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  1. beachboy's Avatar
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    #1

    To have ti down to something

    What does "I have it down to a science" mean?

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    #2

    Re: To have ti down to something

    Where did you encounter this sentence, beachboy?

  2. beachboy's Avatar
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    #3

    Re: To have ti down to something

    On facebook. A lady from Michigan wrote it...

  3. Skrej's Avatar
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    #4

    Re: To have ti down to something

    It is an idiom meaning a person has performed a particular action so many times they have mastered it to the point of perfection. They know exactly what they're doing and can precisely duplicate the results each time.

    Idiomatically, ff something is referred to as a 'science', it is precise, regimented, and each step can be documented. If something is referred to as an 'art', then it's more hit or miss, intuitive and can't easily be explained. Each result may show show individuality, and may not be an exact duplicate of the previous attempt.

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    #5

    Re: To have ti down to something

    not a teacher

    I agree with Skrej, although, at the risk of confusing the matter, I'll add a small point.

    The phrase "I've got it down to an art" (or … a fine art) could also have the same meaning as the OP's example.
    In this sense, "art" means a skill at doing a specific thing: the art of deception, the art of conversation.

    So this might be a typical exchange.
    A: That's a very difficult cake to get right.
    B: Don't worry, I've baked it so often I've got it down to an art. It's beautiful every time.

  4. emsr2d2's Avatar
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    #6

    Re: To have ti down to something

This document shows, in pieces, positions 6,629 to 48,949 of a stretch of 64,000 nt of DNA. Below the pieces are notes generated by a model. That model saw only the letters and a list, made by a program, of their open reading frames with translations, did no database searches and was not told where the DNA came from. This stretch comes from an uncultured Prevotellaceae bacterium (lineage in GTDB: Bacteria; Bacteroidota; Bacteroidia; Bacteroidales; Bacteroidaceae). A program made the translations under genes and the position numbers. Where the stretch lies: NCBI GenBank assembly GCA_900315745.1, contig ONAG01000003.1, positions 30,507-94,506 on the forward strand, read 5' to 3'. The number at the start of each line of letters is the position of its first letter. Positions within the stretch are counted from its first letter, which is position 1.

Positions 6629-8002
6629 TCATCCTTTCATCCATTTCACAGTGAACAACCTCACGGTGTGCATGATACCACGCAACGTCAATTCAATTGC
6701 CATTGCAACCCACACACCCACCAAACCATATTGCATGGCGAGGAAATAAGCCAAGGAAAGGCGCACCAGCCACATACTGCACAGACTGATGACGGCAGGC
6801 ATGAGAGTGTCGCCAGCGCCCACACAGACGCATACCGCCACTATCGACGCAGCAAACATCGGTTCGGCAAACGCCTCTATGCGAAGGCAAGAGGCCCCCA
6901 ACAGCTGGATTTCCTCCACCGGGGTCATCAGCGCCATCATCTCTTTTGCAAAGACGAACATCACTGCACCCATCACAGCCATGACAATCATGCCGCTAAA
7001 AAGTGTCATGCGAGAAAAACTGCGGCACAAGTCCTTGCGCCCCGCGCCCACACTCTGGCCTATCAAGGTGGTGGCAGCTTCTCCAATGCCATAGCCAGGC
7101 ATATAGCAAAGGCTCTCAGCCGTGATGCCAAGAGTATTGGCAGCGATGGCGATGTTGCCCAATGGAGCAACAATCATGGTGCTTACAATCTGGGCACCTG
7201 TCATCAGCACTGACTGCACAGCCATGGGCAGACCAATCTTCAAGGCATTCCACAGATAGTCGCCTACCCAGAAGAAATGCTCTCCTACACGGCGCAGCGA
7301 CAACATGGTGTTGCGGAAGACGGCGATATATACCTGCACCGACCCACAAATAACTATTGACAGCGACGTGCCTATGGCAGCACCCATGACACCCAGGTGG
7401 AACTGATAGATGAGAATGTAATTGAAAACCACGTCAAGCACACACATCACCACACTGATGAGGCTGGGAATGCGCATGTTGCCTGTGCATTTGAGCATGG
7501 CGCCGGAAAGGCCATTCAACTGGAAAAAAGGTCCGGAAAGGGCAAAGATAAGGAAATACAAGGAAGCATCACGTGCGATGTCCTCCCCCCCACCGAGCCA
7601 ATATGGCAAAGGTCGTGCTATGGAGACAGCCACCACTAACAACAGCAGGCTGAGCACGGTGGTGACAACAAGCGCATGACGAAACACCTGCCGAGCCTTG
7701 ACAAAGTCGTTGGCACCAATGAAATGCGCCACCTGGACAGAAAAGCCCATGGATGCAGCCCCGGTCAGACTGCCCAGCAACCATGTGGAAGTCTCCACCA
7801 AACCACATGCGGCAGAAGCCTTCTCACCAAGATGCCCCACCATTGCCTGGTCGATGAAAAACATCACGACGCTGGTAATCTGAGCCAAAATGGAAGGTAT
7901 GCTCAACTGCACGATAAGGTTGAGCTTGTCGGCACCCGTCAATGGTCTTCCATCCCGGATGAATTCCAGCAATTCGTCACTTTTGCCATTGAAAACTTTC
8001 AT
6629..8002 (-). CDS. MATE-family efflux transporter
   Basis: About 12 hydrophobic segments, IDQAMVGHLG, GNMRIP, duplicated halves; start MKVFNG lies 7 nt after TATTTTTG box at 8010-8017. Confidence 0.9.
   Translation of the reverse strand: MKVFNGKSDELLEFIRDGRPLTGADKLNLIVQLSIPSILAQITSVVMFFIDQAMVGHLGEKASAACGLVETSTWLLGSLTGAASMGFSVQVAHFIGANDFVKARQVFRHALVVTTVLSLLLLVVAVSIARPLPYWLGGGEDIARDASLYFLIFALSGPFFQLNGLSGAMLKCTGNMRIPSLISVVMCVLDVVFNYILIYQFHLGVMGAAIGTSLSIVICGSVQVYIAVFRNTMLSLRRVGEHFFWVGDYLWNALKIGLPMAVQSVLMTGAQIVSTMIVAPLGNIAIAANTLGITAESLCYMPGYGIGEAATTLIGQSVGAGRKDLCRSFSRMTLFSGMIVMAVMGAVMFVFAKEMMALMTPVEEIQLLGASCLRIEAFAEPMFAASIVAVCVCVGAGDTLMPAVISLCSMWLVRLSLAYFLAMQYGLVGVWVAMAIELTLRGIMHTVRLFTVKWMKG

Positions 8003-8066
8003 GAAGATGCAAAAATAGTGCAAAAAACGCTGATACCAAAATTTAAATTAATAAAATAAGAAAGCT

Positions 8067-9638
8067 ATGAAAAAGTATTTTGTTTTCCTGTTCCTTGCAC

In BrE, JMurray's example would always be "I've got it down to a fine art". I'd never heard it used without "fine" until today.
    Remember - if you don't use correct capitalisation, punctuation and spacing, anything you write will be incorrect.

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    #7

    Re: To have ti down to something

    ***** NOT A TEACHER *****


    Student: May I ask you a question, ma'am?

    Teacher: Yes, you may.

    Student: Class starts at 8 a.m., and you always walk into the room at 7:59 a.m. Don't you have to prepare?

    Teacher: I have been teaching this class for 35 years, so I have it down to a science. / I can do it with one hand tied behind me. / I can do it blindfolded.

    Student: Wow!

  5. emsr2d2's Avatar
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    #8

    Re: To have ti down to something

    For information, TheParser's post has brought up another AmE vs BrE difference. In the UK, we generally say "I can do it with one hand tied behind my back".
    Remember - if you don't use correct capitalisation, punctuation and spacing, anything you write will be incorrect.

  6. MikeNewYork's Avatar
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    #9

    Re: To have ti down to something

    That is the way we say it in AmE also. I have never heard Parser's version.

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    #10

    Re: To have ti down to something

    ***** NOT A TEACHER *****


    "Why, I can whip your ____ with one hand tied behind me." -- THE TRAILSMAN (2005) by Jon Sharpe.

    "I can lead this class with one hand tied behind me." -- THE SACRED HARP (2004) BY Buell E. Cobb, Jr.

    "I have turned back from a climb that I knew I could do with one hand tied behind me." -- THE VISION AND THE VOICE (1999) by Crowley, Neuberg, and Desti.

    (Quotations were accessed through the "books" section of Google.)

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